Hey, my name is Jim Pourteau. I learned how to move past an affair because I was in one.
I’m not proud of it, but it’s a fact of my past. One thing I’m happy about, though, is that my past didn’t define me. It’s become a place of refinement for me, and I believe that I’m a better person today. In some ways, because of it, my relationship with my wife is better today. Not because of the affair, instead because of the changes we’ve made since it ended. You can move past an affair just like I did.
I realize that you might not be where we are. Maybe you’re still in an affair, and you’re trying to figure how to get out. Perhaps, you’re having a tough time controlling your thoughts and move past an affair.
My wife Shannon taught me a long time ago that in everything that we learn and in everything we do, if we don’t get our thinking straight, we’re in trouble. The way she puts it is, “my mind can be my worst enemy.” Because the person you listen to and believe the most is you.
Being in an affair is difficult and painful, but you can move past an affair and thrive if you’ll do a couple of things.
Familiarity Breeds Contempt
You need to realize that the affair isn’t merely physical, and it’s connected to deep emotion. It’s connected to a perceived lack of intimacy in the original relationship and an over-amplified amount of intimacy in the new one. In the old relationship, you can build walls based on your perception of behaviors. You quit sharing things about yourself that are the key to building closeness with your spouse. And when you build that wall, it separates you, and you start drifting apart.
You may have even said that before, “I feel like we drifted apart. We aren’t together.” The old phrase “familiarity breeds contempt” rings true, and things that used to be worth so much; the relationship and our spouse, over time, become familiar.
We forget things. We become parents. We get busy. There are a lot of contributing factors that come into play when intimacy gets stepped on. But at some point, if I begin to perceive your behaviors as being against me, I will protect myself from you.
The problem is that we’re not designed to be alone.
Someone else pays attention, and you begin to fall into limerence when you’re not looking. Limerence is a highly affectionate state with that other person. It’s an “intense” sort of love. I’m not saying it isn’t love- it is a kind of love. However, it’s different from some of the other types of love. Now you feel intimate there, and that’s the emotion you’re feeling.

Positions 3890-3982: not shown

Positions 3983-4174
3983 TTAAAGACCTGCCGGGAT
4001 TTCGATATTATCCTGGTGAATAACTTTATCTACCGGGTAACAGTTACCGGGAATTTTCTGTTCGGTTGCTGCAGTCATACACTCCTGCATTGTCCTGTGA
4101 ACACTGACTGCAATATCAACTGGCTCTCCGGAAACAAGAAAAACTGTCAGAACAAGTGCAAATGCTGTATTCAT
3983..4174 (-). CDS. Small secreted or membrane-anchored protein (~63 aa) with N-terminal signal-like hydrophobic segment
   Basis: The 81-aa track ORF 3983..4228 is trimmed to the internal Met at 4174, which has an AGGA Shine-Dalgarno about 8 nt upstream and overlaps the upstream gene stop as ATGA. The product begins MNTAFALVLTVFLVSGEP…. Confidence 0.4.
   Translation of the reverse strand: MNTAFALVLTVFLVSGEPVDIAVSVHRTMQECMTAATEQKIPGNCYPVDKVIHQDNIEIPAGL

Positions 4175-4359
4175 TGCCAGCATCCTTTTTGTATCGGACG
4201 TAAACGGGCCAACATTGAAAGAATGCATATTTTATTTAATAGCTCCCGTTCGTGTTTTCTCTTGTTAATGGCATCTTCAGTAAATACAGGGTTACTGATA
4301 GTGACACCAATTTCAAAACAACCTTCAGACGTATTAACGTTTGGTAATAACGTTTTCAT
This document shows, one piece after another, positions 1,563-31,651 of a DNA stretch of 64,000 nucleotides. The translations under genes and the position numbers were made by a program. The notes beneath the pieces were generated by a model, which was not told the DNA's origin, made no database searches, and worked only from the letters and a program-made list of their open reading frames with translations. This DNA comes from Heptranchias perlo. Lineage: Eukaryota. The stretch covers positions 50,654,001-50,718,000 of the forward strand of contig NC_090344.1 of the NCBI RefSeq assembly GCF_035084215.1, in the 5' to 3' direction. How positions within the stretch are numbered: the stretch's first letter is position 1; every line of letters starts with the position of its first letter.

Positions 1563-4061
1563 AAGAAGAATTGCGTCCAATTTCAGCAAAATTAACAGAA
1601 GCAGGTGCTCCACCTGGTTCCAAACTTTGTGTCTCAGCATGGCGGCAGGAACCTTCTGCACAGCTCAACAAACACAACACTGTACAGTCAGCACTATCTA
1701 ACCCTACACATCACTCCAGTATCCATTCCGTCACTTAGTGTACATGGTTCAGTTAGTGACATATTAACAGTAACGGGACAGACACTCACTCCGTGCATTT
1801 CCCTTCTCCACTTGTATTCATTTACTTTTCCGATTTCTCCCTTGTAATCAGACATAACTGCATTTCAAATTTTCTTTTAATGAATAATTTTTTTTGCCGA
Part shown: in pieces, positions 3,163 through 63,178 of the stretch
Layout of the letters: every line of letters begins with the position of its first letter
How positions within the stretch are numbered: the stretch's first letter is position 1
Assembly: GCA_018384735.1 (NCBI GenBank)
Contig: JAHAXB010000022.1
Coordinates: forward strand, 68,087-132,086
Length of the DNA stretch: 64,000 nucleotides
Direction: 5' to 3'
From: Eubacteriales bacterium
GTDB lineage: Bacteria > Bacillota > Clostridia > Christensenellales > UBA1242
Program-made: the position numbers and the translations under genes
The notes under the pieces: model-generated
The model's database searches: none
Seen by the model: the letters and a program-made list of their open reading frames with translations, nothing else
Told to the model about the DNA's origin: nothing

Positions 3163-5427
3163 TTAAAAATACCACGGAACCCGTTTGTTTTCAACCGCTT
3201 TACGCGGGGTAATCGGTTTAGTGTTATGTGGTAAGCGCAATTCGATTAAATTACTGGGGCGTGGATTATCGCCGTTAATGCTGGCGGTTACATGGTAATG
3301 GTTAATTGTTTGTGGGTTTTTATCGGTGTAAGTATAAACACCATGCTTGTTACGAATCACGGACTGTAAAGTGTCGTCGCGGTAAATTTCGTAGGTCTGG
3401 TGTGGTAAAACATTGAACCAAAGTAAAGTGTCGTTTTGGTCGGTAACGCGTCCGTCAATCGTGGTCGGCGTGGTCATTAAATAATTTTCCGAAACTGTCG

What Do I Do About These Thoughts?
So, I’m trying to give background so you can see that your situation didn’t start overnight, and you can’t move past an affair overnight. We have to address the intimacy issue, and we have to address the thinking issue.
For you and your spouse to help each other, you need to get these memories out of your mind. You can do this by creating new memories.
There’s no way you can say, “don’t think about something,” and not think about it.
I’m going to give you a challenge. Don’t think about broccoli. I know it’s a crazy thing, but I want you not to think about broccoli right now.
Go ahead, try it.
What you’ve noticed is that every time you said to yourself, “don’t think about broccoli,” you thought about it. If you’re a person of faith, you may have been gone, “Oh God, help me not think about broccoli.” But every time you pray not to think about broccoli, you’re thinking about broccoli. Or maybe you call a friend up, and you say, “I keep thinking about broccoli. What do I do?” And they go, “what kind of broccoli? You know, broccoli is good for you.” Do you see what I’m talking about?
At some point, you have to replace these thoughts with something else. You can’t just not think about something, and this is where I used to go awry. If you’re not careful, you will as well.
You need some thought, some memory, other than the memory of the affair to replace. This might be painful for some, but not everything that happened in the history of an affair was bad to the two people in the affair. They have good memories that sometimes trigger with a song, a restaurant, or a smell. That memory is there. If you stay on the memory, it brings it not from a year ago or six months ago. It brings it into the day.